Eddie, Rick, Bonnie & Clyde

Jesse Sublett, Austin author & musician

Bonnie Parker had her moments, but even in the best of them, not nearly as pretty as young Faye Dunaway

Congrats to Richard Linklater, Patricia Arquette and everyone associated with Boyhood, recognized at Golden Globes 2015. Oh, let’s not forget Marco Perella and Barbara Chisholm, who have parts in the film and whom I have worked with in the past (Marco Perella: I cowrote Deep in the Heart, which we adapted from the stage play; Barbara Chisholm: I wrote the original play script for “Marathon,” which has gone on to other permutations and which is legally supposed to be unrelated to my original work). And I’ll always appreciate Richard Linklater’s blurb for my memoir Never the Same Again. He wrote:

Jesse’s odyssey of growing up in a small Texas town with a head full of big ideas, and his relentless drive to take them in the direction of his artistic intuition, is a moving story that captures an important cultural moment. Having grown up in Huntsville, Texas, I can really relate. Surviving the horrible murder of his girlfriend in 1976, and going from punk rock to fatherhood, his story becomes a universal one, and he makes it sing with authenticity. — RICHARD LINKLATER, director of Boyhood, Slacker, Dazed & Confused, etc.

But Austin is still a small town in a lot of ways and sometimes it seems like everybody in one business or another knows everybody else and we’ve all worked together, yukked it up backstage together, had each other’s toddler throw up on our fresh-pressed black suit. By the way I loved the photo book on Boyhood, which I reviewed last month in the Austin Chronicle.

Bonnie Parker, the infamous outlaw partner of Clyde Barrow, had been an aspiring actress and continued penning poetry even during her violent career on the road with the Barrow gang. Among the many difficult-to-categorize items in Eddie Wilson‘s 500+ catalog of Armadillo World Headquarters, Threadgill’s and other related concert posters, beer signs, handbills, neon signs, and other stuff (see previous posts here and here) is this framed letter from Bonnie, her own lyrics to a song called “Morphine,” something which we think she knew a bit about.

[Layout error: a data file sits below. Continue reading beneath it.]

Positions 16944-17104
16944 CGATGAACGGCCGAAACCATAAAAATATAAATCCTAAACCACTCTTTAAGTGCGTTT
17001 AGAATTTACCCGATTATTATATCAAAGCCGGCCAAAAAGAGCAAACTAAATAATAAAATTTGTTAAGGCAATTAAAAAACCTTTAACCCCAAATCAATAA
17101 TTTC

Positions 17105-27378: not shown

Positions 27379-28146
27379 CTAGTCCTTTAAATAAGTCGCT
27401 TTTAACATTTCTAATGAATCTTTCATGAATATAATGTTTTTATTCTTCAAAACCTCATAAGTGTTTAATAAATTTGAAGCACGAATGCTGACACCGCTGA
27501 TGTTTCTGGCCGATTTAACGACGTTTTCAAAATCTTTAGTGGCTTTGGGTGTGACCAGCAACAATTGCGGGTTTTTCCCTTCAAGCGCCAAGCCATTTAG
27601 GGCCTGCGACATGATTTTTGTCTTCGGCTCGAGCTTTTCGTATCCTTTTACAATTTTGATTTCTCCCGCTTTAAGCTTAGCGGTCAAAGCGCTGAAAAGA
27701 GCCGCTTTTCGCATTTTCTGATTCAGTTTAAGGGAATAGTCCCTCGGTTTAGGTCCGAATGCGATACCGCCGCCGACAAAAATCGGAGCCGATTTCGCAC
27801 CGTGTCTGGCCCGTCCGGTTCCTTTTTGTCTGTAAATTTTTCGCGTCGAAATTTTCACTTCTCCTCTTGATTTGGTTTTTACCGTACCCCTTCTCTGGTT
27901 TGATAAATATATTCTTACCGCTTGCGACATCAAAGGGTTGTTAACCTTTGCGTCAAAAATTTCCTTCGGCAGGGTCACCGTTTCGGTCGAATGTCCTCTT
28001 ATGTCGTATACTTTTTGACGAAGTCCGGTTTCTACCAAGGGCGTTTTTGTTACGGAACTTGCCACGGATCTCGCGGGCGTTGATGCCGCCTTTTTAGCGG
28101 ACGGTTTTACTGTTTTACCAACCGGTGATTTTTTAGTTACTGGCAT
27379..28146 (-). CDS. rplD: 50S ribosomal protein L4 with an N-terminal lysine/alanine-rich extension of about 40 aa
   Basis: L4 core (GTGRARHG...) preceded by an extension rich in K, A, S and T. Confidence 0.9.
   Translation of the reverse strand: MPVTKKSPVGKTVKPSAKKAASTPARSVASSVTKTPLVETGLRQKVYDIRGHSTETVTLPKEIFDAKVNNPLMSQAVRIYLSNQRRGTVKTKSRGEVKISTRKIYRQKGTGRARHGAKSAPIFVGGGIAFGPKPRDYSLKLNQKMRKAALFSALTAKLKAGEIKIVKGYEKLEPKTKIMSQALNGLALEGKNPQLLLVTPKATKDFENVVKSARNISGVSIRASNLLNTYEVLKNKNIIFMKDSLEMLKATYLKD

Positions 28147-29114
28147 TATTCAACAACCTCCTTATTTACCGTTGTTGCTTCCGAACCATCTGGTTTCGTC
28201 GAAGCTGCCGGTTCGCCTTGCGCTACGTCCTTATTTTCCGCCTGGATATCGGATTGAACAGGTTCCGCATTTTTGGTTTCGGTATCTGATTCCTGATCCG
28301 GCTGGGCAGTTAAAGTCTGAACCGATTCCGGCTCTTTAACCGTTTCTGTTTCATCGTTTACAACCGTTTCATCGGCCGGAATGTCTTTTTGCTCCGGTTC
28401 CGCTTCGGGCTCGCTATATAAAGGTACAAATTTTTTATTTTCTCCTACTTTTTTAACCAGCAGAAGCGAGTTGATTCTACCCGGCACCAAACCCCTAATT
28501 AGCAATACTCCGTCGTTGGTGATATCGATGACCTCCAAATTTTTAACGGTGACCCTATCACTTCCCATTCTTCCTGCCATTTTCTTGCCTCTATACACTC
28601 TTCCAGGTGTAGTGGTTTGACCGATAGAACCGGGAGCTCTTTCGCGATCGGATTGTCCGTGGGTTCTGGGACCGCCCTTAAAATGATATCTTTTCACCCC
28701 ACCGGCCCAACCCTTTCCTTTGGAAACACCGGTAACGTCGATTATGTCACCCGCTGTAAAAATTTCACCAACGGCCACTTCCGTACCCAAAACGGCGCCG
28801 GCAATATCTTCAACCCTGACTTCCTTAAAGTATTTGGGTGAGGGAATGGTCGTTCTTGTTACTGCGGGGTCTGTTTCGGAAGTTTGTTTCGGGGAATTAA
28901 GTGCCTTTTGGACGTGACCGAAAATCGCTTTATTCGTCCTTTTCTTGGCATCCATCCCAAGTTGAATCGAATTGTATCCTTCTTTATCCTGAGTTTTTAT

The auction is January 17, 2015 at Burley Auction Gallery in New Braunfels. The Burley site has details on the auction, preview hours, and the full catalog. To see the listing for “Mother Morphine,” click here.

Here’s another interesting item, the poster for the Joe Gracey benefit show in 1978, by Micael Priest. The Skunks began recording an LP with Joe in the KOKE-FM basement in April 1978, when our band had been together just four months, and Joe was knocked out, so we started recording and having a ball. Joe was just starting out on his adventures with cancer and went through the brutal ordeal with an astounding kind of grace and aplomb. He partied a lot and never stopped making music. Anyway, The Skunks shared the stage with an unlikely bill of Asleep at the Wheel, Jimmy Vaughan & the Fabulous Thunderbirds, Alvin Crow & the Pleasant Valley Playboys. I was moved. To me this gig was one of the first and biggest coming-together of tribes in Austin, and it meant a lot to me. Plus, I realized that Ray Benson is taller than me. Being a six-foot-three guy, I get a little freaked out when I have to stare up at someone.

Jesse Sublett, The Skunks, Fabulous Thunderbirds, Asleep at the Wheel, Alvin Crow, Armadillo World Headquarters

Thanksgiving 1978 benefit for Joe Gracey

CultureMap Austin did a cool slide show preview of the auction, and Kevin Curtin wrote up a piece in his Playback column in the Austin Chronicle last week.

One last self-promotion plug: Soon we’ll start the countdown for the release of 1960s Austin Gangsters: Organized Crime that Rocked the Capital, my documentary book on the safecrackers, pimps, gamblers & prostitutes who ratcheted up the decibels, dope & dollars in Austin during the peace & love decade.



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